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Spring snow

Started: 2013-04-30 21:21:54

Submitted: 2013-04-30 22:24:30

Visibility: World-readable

In which the intrepid narrator skis to Lake Isabelle in spring conditions, and finds a new class of gear to lust after

Kiesa decided to take Calvin to visit her mother (and the Oregon coast) for a week, leaving me at home without any pressing responsibilities last Sunday (except my own laundry, which was easy to postpone). I headed to Brainard Lake, parked at the winter trailhead (now a large, paved parking lot; a major improvement from the roadside parking that persisted until a few years ago), and headed toward the lake on the CMC ski trail.

White rabbit near the CMC ski trail
White rabbit near the CMC ski trail

The air was warm on the last Sunday in April; the forecast called for a high of 50°F at 10,000 feet around the lake, which seemed about right. In the trees, around noon, the snow was a little crisp (having melted and subsequently frozen), with isolated patches where the snow appeared to have never melted. I reached Brainard Lake (the end point for a brief ski expedition earlier in the season) and continued westward, catching the general alignment of the Niwot Cutoff trail leading straight toward Long Lake. My skis handled the modest uphill beautifully: the snow was beginning to melt and my waxless backcountry skis gripped it effortlessly.

Mount Audubon in spring snow
Mount Audubon in spring snow

I reached Long Lake and headed around the south side of the lake, continuing westward up the gentle valley. I started out following other ski tracks in the trees on the slope above the lake, then set out to roughly parallel the lake in a rough approximation of the track of the summer trail, but that proved difficult, so I skied down to the edge of the lake. I didn't want to get too far out on the lake -- it was spring, after all -- so I stayed as close as I could to where I judged the shoreline to be, under the snow under my skis.

Apache Peak in spring snow
Apache Peak in spring snow

I followed other ski tracks up the middle of the valley until I reached the snow slope that thwarted my last attempt at skiing to Lake Isabelle two years ago. An ominous wind-blown cornice threatened the slope immediately east of the lake, but another south-facing slope looked safe. The snow looked solid, and in the early-afternoon heat it had melted enough to provide my skis with an irresistible surface for climbing, so I headed up the slope and presently reached the top, where I was met by a view of Lake Isabelle and the cirques and peaks above it covered in spring snow. It was transcendent -- and the first time I'd reached Lake Isabelle on skis.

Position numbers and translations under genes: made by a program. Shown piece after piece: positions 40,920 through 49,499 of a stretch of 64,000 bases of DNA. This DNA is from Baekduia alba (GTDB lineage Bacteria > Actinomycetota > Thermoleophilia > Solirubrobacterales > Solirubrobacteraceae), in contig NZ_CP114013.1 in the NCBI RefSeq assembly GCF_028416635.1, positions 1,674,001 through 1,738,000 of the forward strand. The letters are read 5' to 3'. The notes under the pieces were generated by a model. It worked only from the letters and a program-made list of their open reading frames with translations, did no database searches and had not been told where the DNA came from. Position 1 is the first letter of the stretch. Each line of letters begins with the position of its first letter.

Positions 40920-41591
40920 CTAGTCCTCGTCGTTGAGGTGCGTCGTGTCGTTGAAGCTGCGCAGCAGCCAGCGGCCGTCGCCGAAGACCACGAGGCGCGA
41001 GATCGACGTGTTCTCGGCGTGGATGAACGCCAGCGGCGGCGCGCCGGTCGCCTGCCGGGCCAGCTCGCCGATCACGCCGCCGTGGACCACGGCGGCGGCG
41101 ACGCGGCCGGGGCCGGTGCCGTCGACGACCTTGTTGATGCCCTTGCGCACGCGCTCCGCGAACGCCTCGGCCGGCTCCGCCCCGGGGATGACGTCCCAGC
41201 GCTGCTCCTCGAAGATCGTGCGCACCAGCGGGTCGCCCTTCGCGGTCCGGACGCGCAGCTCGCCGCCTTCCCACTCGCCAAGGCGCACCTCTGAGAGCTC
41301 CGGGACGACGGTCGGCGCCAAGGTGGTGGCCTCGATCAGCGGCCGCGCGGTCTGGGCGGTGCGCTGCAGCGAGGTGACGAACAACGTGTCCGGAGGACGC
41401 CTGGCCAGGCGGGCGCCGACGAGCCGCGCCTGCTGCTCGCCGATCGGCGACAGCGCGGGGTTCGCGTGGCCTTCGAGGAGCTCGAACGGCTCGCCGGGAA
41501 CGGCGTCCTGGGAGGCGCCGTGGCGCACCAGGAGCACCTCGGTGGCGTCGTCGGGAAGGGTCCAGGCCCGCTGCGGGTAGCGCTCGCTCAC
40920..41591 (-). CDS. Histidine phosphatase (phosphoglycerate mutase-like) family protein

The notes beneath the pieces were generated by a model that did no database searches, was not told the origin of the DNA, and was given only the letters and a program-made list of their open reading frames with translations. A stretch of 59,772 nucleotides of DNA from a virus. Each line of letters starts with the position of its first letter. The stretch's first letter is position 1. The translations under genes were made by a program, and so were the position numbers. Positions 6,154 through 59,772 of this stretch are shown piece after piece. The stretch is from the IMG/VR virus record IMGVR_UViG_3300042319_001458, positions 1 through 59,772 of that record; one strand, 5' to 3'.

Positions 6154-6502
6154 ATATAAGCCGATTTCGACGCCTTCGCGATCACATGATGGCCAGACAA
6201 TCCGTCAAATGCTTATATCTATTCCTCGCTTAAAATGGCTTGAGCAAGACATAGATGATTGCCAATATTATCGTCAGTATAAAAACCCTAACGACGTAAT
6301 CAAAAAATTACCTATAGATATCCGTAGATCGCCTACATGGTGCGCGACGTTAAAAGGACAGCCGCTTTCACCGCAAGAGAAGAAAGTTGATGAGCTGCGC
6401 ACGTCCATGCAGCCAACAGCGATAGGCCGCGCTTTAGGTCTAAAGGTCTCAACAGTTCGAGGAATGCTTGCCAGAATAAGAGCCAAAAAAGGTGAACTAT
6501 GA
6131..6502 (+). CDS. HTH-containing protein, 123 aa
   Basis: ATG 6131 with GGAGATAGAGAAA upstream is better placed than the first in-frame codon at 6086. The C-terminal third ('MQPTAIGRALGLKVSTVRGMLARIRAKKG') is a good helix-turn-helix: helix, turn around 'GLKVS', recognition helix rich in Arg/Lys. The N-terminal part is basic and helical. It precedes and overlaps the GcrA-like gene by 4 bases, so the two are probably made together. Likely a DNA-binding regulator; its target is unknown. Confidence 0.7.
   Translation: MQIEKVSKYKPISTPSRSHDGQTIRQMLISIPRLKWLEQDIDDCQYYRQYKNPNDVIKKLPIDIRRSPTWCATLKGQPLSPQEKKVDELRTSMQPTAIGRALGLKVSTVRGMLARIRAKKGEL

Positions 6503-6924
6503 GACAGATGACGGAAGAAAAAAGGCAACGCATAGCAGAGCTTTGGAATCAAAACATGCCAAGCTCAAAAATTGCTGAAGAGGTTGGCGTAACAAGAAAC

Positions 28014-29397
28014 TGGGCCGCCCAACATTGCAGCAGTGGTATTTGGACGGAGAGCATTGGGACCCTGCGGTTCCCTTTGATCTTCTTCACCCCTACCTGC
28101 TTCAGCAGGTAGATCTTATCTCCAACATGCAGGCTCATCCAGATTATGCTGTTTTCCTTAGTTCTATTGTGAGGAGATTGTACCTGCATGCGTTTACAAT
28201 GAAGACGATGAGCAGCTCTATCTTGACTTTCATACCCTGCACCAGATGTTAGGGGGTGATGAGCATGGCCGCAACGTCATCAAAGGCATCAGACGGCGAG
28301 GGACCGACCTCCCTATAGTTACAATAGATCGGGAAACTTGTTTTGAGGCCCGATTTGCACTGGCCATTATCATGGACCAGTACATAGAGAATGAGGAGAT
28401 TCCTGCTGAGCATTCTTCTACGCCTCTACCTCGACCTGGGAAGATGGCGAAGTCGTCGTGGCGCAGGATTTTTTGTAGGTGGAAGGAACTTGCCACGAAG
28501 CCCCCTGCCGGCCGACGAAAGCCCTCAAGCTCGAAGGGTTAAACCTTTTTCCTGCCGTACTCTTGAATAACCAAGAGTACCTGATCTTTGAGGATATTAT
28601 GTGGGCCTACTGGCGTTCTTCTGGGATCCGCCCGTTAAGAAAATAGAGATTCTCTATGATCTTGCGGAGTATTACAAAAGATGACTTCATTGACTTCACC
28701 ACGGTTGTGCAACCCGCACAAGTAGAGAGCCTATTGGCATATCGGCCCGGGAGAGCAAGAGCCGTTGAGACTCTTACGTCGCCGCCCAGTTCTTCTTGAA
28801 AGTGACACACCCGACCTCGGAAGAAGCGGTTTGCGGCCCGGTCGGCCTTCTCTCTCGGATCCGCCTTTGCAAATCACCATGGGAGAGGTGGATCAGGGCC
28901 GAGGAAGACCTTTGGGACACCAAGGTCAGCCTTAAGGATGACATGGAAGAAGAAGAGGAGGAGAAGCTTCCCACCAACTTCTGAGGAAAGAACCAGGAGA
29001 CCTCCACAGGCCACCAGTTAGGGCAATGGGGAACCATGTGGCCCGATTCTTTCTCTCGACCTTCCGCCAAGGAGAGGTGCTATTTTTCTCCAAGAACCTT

Navajo Peak, Apache Peak, Shoshoni Peak over Lake Isabelle in spring snow
Navajo Peak, Apache Peak, Shoshoni Peak over Lake Isabelle in spring snow

On my descent, I found that the slope I had ascended was a bit too steep to gracefully descend on my waxless backcountry skis with standard nordic system bindings. This slope wouldn't have phased me with proper alpine skis and bindings, but in nordic-style gear I lacked enough control to gracefully descend the slope, though I eventually managed. (Telemark skiers say "free your heel and your mind will follow".) It was then that I wished for backcountry touring skis, with bindings that would free my heel to climb in the nordic style but capture my heel to descend in the alpine style.

Ski tracks leading away from Lake Isabelle
Ski tracks leading away from Lake Isabelle

Once I reached Brainard Lake I opted to save time by taking the slightly-more-direct road rather than the CMC ski trail, which turned out to be a slushy slog through sticky postholed snow. I should have taken the ski trail.

One of my side objectives for my outing was to evaluate the snow conditions relative to earlier years, in an attempt at guessing the snow conditions on other routes. I intentionally picked Lake Isabelle as my destination to replay an earlier spring ski trip to Lake Isabelle. My earlier trip was at the end of May 2011, at the end of an abnormally-wet spring (after an abnormally-dry El Nino winter). This winter was on the dry side, but so far the spring has been on the wet side; Boulder recorded a record four feet of snow in April, and there's more snow in the forecast tonight.

I didn't consult my photo archive before setting out, so that I might duplicate my earlier photos to compare snow conditions across time from the comfort of my living room, but I did end up with one almost exact duplicate photo. Here's the photo I took this week:

Spring snow running down Niwot Ridge
Spring snow running down Niwot Ridge

And here's the nearly-identical photo from the end of May 2011:

Spring snow running down Niwot Ridge
Spring snow running down Niwot Ridge

I'm hard-pressed to decide which has more snow; I think it's about equal. In some other photos I think there's more snow in May 2011 than April 2013; there does appear to be more evidence of sliding snow in 2013. But tonight's snow is going to change all that.

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